/c/q$gcc -shared -DKXVER=3 add.c -L. -lq -o add.dll  Tested using MinGW-64 with q/w32. ## High-resolution timing¶ The purpose of this recipe is to explain how to access a low-level feature of an operating system and processor from q. This is illustrative of the type of operation that cannot be performed directly in q, and for which it makes sense to write a C function for use within q. Source code: KxSystems/cookbook/cpu_extension ### Accessing the TSC¶ Recent IA-32 processors, since the Intel Pentium Pro implementation, contain a high-resolution timestamp counter register. This register originally was increased at a fixed rapid rate, subject to 64-bit overflow. This made it useful as a high-resolution timer with a known relationship to wall-clock time. In IA-32 assembly language the RDTSC instruction (a mnemonic for Read Time Stamp Counter) with opcode 0f 32 is used to read the register. This has been brought forward in the AMD64/EM64T version of the IA-32 instruction set. However, several of the recent implementatons broke the never-guaranteed but often-assumed idea that the register would be incremented at a constant rate. With the introduction of performance- and frequency scaling for power usage adjustment and thermal control, the TSC register, though still monotonically increasing, began to behave in non-intuitive ways. Some implementations tied the rate of increase of the register to the operating frequency of the core. As this varied, for example due to SpeedStep, the rate of increase of the register varied. Even more bizarrely, some processors exhibited changes in the register (“drift”) due to changes in the operating temperature of the core. Furthermore, multi-processor and multi-core machines have more than one TSC register. Depending on the processor the instruction is executed on, different values could be returned. Most modern operating systems are aware of this and attempt to properly account for TSC drift between cores, as well as frequency modulations. Recent processor implementations have removed the more obvious changes, making life easier for the programmers again. Applications should rarely depend directly on the TSC for timekeeping, and instead use the applicable operating system calls. However, the extreme granularity (around a third of a nanosecond on a 3GHz processor) of the count is useful in certain situations where small instruction sequences need to be timed, or events logged with a very fine-grained timestamp. Note that in the latter case the TSC value cannot be used by itself as a timestamp due to multiple TSC registers being in the system, TSC drift, and 64-bit rollover. The value of the register is read in the following C code segment using a GCC-compatible inline assembly directive to execute the RDTSC instruction. The value is then wrapped as a “J” value in a K object, with potential loss of accuracy (the J type is the largest integral type wrappable in a K object). #include <k.h> /** * Read the cycle counter. AMD64 only in this version (note the non-portable * use of unsigned long long). * * @param x Ignored; required to allow us to bind to this from q. * * @return A long long wrapped in a K object. */ K q_read_cycles_of_this_cpu(K x) { unsigned long a, d, reading; asm volatile("rdtsc" : "=a" (a), "=d" (d)); reading = ((unsigned long long)a) | (((unsigned long long)d) << 32); return kj((J)reading); }  Note that the function takes and returns a K object. At least one K argument is required for integration into q. We compile as follows: $ cc -I. -fPIC -shared -o ~/q/l64/cpu.so cpu.c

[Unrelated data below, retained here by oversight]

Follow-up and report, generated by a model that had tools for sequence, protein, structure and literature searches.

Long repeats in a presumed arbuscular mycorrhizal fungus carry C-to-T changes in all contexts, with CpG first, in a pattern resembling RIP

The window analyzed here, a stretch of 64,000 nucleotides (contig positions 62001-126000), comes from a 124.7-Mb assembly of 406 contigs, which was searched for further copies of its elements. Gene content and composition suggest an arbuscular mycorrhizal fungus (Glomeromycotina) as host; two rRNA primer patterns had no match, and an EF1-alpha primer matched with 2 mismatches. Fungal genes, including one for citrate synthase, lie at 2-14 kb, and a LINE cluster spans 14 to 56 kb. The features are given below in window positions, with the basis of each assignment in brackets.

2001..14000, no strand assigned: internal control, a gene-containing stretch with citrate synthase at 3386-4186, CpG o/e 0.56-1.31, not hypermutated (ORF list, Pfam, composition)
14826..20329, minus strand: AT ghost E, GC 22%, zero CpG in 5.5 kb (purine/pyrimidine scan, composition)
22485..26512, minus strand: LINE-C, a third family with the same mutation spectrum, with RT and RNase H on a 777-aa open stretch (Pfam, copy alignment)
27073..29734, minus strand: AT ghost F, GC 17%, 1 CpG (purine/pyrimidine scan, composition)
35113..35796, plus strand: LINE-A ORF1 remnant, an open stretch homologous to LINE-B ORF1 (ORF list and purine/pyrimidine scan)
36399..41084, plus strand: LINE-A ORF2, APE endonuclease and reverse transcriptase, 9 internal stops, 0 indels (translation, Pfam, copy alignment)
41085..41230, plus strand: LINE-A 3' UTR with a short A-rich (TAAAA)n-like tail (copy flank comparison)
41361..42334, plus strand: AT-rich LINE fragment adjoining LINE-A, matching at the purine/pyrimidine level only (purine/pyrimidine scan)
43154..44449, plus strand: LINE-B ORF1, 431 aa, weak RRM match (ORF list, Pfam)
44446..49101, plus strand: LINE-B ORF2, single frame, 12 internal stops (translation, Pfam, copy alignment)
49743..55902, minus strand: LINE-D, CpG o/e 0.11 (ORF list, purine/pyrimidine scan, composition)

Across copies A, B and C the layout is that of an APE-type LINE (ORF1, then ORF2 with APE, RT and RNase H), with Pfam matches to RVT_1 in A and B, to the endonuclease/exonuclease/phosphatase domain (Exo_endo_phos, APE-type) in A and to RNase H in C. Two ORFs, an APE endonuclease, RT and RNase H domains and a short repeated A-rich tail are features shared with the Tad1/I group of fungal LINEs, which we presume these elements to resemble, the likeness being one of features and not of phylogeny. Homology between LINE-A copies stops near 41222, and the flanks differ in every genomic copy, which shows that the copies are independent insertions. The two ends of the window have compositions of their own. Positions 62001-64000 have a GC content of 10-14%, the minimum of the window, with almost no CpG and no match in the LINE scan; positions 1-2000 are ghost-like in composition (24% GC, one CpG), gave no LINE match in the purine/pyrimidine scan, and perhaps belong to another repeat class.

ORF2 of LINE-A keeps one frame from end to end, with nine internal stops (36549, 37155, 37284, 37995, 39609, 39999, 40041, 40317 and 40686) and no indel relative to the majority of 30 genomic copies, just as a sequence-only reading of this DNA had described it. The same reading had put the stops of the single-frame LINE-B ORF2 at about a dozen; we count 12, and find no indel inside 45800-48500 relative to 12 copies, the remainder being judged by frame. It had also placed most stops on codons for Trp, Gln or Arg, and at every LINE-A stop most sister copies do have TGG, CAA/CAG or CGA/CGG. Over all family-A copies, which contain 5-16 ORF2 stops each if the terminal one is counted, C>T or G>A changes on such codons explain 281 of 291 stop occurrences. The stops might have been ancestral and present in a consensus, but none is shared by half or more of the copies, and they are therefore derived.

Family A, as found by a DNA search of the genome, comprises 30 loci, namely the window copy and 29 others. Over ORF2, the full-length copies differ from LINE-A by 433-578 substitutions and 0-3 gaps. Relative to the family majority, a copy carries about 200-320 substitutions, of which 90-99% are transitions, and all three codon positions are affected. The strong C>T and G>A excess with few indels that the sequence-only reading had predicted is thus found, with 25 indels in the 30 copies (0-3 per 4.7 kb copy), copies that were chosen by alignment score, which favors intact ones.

and the function may be loaded into q:
read_cycles:cpu 2:(q_read_cycles_of_this_cpu;1)

A sample execution which counts the cycles taken between two executions of function: